since multiple student organizations are dedicated to promoting mental wellness. Dennis Christoffersen, UHS psychologist, said a mission of UHS is to rid the stigma of suicide and mental health illness while providing 24-hour crisis service to students, adding that UHS wants “to reduce the barriers to care.” “We try to create wellness for students, not just intervention,” said Christoffersen. Catherine Abitz, treasurer of Ask Listen Save, said her student organization has a similar message in trying to rid the stigma of suicide and depression by providing students with knowledge on the subject while advertising resources for professional help. Matt Vohl, president of NAMI, agreed and said there is a need to reduce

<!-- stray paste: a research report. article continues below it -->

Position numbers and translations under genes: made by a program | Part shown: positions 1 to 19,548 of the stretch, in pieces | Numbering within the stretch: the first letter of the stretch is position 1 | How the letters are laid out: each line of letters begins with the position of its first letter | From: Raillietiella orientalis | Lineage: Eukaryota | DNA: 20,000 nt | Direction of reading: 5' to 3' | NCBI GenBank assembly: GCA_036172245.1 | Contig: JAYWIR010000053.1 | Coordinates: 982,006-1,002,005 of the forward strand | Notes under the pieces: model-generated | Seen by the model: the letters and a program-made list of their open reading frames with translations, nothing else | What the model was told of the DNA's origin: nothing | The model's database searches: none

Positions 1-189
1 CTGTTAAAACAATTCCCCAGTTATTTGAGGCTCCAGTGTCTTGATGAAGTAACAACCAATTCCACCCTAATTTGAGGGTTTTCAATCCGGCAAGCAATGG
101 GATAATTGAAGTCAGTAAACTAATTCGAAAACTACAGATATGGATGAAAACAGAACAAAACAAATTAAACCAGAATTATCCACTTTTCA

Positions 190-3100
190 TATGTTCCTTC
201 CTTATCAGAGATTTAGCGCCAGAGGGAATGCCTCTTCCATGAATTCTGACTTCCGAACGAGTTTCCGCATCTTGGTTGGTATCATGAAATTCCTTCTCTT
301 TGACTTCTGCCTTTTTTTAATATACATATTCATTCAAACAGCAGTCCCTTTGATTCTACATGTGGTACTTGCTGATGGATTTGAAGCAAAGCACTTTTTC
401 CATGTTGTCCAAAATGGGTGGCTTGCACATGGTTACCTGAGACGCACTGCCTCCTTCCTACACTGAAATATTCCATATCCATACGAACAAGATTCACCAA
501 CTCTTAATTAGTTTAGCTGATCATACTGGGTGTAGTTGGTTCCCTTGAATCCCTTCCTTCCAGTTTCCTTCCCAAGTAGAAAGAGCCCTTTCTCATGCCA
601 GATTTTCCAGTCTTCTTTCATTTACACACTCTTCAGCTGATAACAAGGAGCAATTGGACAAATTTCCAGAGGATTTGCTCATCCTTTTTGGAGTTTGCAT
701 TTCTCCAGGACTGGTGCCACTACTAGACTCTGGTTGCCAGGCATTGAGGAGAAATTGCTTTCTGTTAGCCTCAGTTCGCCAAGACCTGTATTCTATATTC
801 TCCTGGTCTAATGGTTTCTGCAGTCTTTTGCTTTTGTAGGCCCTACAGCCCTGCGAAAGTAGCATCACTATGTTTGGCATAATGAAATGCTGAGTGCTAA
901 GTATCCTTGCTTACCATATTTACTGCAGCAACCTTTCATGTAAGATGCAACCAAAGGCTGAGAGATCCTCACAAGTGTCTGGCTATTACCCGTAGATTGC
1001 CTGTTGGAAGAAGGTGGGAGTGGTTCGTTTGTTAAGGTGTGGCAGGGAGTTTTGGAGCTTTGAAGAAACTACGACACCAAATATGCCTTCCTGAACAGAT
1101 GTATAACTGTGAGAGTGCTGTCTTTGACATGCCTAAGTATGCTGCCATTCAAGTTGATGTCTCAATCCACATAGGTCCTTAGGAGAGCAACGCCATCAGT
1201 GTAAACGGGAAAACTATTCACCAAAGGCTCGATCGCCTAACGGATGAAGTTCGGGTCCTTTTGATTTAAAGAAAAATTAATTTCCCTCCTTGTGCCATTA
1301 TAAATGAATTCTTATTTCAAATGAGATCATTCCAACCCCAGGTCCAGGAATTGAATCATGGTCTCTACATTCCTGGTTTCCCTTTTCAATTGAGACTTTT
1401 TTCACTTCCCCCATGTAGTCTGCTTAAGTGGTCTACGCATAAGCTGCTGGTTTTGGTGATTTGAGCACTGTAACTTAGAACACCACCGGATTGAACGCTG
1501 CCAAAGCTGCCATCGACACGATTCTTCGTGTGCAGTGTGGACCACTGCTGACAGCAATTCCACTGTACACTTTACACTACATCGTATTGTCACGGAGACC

the stigma of mental illness. He added NAMI offers a program called Peer Active Listeners for students to drop in and talk to other students. “It’s basically an active ear and a bridge to better resources,” said Vohl Corinne Burgermeister, vice president of marketing for the student organization SPILL, said students can send anonymous emails to their organizations website, Badgerspill.com, for support in relationships, school, roommates, finances and other issues. According to Van Cleve, all of the organizations represented at the fair promoted the message that preventative care is helpful in mental well-being. “All of these organizations are dedicated to helping students,” Van Cleave said, adding that she would like to thank each organization for their participation.


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The Badger Herald | News | Wednesday, December 5, 2012